Record breaking rain and snow after a devastating 4 year drought, in the end, may not have provided olive farmers the reprieve they had been looking for. While California’s most fruitful olive growing region is no longer in a state of severe drought, climatic conditions continue to wreak havoc. Last year, because of early heat , we saw flowering olives get affected by typical early spring frost conditions, and this year we have witnessed an intense but late flowering phase followed by unusual late spring cool weather that did not provide the ideal temperature for pollen to do its magic. The result: a disproportionate amount of shot berries to olives. Shot berries are an undeveloped immature fruit that does not develop into fully grown olives. Take a look at the picture of one of our Manzanilla trees with the shot berries, and a picture of local goats getting some relief from the intense heat shortly after the odd and late cool of spring.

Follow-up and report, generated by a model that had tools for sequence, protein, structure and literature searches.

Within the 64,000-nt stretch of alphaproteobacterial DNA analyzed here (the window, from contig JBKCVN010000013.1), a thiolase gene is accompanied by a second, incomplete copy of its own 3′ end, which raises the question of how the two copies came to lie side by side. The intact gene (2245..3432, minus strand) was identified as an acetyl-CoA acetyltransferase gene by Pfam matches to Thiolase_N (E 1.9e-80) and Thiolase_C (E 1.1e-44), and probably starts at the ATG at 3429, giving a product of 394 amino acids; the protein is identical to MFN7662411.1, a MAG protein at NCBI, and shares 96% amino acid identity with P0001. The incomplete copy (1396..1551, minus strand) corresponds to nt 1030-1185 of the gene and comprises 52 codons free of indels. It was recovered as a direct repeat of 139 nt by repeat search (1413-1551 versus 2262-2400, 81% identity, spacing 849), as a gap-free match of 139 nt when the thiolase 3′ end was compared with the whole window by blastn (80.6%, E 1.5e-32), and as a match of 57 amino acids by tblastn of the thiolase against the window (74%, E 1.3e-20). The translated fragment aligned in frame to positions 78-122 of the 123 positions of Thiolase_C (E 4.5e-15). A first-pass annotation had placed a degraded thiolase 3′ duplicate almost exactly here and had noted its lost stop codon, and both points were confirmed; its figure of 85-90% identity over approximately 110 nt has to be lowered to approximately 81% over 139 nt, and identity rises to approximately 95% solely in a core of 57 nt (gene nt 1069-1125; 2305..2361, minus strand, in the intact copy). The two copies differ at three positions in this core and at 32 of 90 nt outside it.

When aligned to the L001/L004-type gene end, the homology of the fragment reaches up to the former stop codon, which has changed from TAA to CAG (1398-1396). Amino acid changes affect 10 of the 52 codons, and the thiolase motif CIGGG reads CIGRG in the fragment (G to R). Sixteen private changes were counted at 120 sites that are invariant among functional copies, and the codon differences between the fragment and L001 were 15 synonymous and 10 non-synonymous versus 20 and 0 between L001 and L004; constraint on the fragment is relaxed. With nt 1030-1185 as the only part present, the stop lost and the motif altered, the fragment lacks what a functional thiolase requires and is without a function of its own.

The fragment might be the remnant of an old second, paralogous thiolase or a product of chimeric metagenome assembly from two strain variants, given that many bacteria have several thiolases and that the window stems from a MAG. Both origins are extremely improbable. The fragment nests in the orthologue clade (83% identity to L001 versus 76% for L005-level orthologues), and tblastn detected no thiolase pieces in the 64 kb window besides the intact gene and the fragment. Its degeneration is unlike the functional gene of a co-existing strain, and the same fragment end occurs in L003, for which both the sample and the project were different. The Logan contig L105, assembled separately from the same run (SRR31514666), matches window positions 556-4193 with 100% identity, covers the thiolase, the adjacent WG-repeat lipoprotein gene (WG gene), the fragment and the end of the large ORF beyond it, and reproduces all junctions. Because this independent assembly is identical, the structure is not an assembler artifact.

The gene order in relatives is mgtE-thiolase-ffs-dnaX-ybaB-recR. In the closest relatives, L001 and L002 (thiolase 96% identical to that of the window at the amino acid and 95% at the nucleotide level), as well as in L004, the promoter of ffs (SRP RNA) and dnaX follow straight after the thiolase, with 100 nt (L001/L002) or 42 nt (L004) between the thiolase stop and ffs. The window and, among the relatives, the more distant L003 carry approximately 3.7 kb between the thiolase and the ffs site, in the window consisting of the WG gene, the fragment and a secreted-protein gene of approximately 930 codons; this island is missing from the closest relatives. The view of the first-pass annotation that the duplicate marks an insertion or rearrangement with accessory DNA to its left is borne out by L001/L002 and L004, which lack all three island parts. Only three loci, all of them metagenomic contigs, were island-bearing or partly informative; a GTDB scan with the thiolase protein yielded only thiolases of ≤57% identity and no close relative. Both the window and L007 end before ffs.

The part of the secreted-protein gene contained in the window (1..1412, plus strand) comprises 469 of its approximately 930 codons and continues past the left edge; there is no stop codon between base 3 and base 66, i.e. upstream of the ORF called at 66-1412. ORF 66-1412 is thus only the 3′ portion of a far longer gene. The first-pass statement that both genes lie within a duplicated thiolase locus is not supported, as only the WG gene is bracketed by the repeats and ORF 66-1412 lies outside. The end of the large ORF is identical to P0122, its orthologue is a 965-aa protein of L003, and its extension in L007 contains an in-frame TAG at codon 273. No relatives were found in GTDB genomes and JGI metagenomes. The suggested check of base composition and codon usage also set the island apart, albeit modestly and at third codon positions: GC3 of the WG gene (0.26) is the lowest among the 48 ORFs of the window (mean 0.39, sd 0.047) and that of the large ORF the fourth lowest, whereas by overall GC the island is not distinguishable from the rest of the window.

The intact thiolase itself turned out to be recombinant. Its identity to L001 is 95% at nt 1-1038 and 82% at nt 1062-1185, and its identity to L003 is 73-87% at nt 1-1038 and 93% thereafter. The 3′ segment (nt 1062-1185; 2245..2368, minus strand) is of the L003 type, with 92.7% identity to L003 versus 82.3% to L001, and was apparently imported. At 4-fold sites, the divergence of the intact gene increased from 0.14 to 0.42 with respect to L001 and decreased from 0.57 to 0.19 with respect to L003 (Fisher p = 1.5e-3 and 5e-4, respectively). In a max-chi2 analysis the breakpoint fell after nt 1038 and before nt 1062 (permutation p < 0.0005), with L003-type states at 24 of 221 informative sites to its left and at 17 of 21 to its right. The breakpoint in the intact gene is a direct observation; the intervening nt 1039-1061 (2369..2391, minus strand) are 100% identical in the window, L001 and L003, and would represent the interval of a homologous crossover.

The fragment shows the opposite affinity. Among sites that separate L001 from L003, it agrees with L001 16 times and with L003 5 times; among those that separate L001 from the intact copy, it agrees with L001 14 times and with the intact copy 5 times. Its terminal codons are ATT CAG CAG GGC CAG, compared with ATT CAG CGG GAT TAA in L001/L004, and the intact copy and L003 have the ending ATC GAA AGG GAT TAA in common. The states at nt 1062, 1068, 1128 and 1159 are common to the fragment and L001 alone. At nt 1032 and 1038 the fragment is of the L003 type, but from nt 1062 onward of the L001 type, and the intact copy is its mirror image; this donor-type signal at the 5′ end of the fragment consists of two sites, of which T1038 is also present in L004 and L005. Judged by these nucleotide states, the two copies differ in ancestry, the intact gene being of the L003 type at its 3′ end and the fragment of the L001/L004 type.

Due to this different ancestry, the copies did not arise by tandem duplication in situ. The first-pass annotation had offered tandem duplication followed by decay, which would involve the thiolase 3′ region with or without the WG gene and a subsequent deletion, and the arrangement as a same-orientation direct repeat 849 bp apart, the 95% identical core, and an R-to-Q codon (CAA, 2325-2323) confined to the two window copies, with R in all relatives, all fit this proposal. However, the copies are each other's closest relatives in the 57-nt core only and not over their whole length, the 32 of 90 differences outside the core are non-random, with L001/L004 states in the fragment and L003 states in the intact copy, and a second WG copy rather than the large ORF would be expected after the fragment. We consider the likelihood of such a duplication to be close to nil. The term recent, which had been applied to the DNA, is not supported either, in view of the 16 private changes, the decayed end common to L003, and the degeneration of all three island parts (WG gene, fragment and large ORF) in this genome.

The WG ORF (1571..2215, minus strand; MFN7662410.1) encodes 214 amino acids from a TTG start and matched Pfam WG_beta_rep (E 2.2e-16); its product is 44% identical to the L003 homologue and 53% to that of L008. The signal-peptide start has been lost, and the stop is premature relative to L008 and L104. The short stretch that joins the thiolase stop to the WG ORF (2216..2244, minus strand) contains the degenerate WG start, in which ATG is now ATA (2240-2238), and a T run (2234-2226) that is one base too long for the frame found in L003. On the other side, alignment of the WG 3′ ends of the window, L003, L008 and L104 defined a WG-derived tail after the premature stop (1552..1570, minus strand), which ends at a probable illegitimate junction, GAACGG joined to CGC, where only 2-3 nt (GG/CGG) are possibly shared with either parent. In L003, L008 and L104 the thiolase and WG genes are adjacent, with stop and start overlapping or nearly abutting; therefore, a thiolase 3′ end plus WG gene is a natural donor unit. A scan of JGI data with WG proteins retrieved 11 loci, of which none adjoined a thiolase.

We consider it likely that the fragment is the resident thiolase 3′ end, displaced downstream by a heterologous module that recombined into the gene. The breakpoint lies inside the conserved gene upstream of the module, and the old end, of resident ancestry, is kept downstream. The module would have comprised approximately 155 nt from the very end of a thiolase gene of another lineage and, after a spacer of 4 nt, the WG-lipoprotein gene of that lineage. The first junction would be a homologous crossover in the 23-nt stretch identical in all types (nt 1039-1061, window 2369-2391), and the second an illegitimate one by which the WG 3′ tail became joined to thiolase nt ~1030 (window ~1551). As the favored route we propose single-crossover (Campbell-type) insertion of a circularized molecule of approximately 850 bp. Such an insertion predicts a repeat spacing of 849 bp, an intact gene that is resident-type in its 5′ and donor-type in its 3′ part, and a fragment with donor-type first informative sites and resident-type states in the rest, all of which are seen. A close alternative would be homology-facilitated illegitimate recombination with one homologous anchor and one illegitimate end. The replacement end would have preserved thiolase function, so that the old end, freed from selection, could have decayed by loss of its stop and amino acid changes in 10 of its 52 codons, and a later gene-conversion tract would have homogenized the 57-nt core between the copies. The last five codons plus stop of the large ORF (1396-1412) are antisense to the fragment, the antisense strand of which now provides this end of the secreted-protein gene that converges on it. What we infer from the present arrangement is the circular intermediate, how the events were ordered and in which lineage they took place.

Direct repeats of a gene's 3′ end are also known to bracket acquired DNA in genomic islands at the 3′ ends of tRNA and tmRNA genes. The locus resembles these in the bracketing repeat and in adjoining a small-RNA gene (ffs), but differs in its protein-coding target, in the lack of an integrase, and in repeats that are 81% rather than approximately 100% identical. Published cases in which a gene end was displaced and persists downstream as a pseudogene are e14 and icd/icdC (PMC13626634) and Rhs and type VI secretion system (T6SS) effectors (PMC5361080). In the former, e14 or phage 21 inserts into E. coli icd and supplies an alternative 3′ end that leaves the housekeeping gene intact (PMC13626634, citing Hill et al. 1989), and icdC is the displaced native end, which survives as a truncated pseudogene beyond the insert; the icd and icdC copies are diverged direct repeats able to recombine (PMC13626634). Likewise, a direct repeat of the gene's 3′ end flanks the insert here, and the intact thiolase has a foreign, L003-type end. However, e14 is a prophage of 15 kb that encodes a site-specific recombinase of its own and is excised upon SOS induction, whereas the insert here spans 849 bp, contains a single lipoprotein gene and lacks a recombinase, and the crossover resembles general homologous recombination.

Learn more about the slumping olive oil production in the Olive Oil Times article by Daniel Dawson, Giulio Zavolta elaborates in the article on some of the hardship that has been faced.